Behold, they believed in Christ and worshiped the Father in his name, and also we worship the Father in his name. And for this intent we keep the law of Moses, it pointing our souls to him; and for this cause it is sanctified unto us for righteousness, even as it was accounted unto Abraham in the wilderness to be obedient unto the commands of God in offering up his son Isaac, which is a similitude of God and his Only Begotten Son. (emphasis added)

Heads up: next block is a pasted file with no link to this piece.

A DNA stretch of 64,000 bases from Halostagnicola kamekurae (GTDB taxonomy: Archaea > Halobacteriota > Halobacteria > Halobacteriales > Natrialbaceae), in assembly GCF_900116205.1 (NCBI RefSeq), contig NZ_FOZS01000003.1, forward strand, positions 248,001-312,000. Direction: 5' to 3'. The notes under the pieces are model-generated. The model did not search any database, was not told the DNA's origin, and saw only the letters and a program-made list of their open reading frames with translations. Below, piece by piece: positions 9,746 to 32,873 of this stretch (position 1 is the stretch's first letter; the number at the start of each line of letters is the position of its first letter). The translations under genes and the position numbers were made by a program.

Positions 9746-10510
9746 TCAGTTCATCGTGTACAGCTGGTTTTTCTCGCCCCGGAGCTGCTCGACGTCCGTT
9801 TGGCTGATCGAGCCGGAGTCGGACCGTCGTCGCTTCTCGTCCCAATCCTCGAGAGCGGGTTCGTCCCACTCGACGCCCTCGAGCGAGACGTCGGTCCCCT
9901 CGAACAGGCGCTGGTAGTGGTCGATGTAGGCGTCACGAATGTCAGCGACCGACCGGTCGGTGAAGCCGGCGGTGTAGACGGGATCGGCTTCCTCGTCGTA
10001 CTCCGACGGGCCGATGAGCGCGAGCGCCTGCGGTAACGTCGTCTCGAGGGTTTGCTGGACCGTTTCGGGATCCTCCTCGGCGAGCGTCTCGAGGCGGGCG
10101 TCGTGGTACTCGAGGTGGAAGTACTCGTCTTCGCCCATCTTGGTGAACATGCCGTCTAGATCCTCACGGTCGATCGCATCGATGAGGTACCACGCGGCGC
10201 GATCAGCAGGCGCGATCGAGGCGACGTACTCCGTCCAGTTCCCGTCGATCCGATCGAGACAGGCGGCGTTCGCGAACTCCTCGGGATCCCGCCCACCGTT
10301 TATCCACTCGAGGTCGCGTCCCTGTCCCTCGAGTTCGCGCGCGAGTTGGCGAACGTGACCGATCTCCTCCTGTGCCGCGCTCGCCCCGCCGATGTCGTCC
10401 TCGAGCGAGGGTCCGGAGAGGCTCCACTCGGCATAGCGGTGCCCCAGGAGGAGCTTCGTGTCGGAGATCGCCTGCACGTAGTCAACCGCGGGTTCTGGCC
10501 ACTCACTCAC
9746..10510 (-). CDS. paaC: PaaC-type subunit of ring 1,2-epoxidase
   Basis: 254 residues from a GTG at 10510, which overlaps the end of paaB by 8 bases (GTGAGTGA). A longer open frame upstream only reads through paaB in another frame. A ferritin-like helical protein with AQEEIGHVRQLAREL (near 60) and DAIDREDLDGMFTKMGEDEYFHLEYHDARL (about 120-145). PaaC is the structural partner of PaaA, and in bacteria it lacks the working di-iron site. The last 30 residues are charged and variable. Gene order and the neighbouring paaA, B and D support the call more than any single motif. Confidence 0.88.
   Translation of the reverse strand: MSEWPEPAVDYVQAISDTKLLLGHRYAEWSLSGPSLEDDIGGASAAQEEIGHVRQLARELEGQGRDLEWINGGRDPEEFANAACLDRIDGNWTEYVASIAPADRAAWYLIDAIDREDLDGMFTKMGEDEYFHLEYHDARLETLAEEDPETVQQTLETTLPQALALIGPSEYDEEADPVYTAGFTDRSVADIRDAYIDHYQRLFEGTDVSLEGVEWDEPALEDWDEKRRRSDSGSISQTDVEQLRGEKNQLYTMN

This was written between 544 and 421 BC. After some years passed (fast-forward to chapter 7), there was a man named Sherem who started preaching and "labored diligently that he might lead away the hearts of the people", having a "perfect knowledge of the language of the people; wherefore he could use much flattery" and did this "declaring unto the people that there should be no Christ". Way back then there was already opposition to Jesus Christ! Again, long before He was even born. Well, it's written that this guy wanted to talk to Jacob, since Jacob was a pretty big church leader. Sherem's first charge was that Jacob was the one leading people astray from the law of Moses, and argued that you can't tell of things to come. Jacob responded by asking Sherem if he believed the scriptures, to which he responded yes. Jacob then said, "Then ye do not understand them; for they truly testify of Christ. Behold, I say unto you that none of the prophets have written, nor prophesied, save they have spoken concerning this Christ." He added his own testimony to that of the prophets, saying that "it also has been made manifest unto me by the power of the Holy Ghost." Sherem does something really unintelligent right after that. He demands, "Show me a sign by this power of the Holy Ghost, in the which ye know so much." Bad idea. As soon as he says that, Jacob tells him "What am I that I should tempt God to show unto thee a sign" and "nevertheless, not my will be done; but if God shall smite thee, let that be a sign unto thee that he has power, both in heaven and in earth; and also, that Christ shall come." And, guess what happens? God shows Sherem who's in charge, and Sherem is smitten. Before he dies (smitten doesn't always mean instant death), Sherem gathers all the people he had taught before and confesses to them that he was a liar in denying Christ, and that the scriptures really do testify of him. After that, the people turn again to searching the scriptures for themselves, and they gain stronger testimonies of Jesus Christ, which brings peace and the love of God back to the people. And that basically concludes the book of Jacob.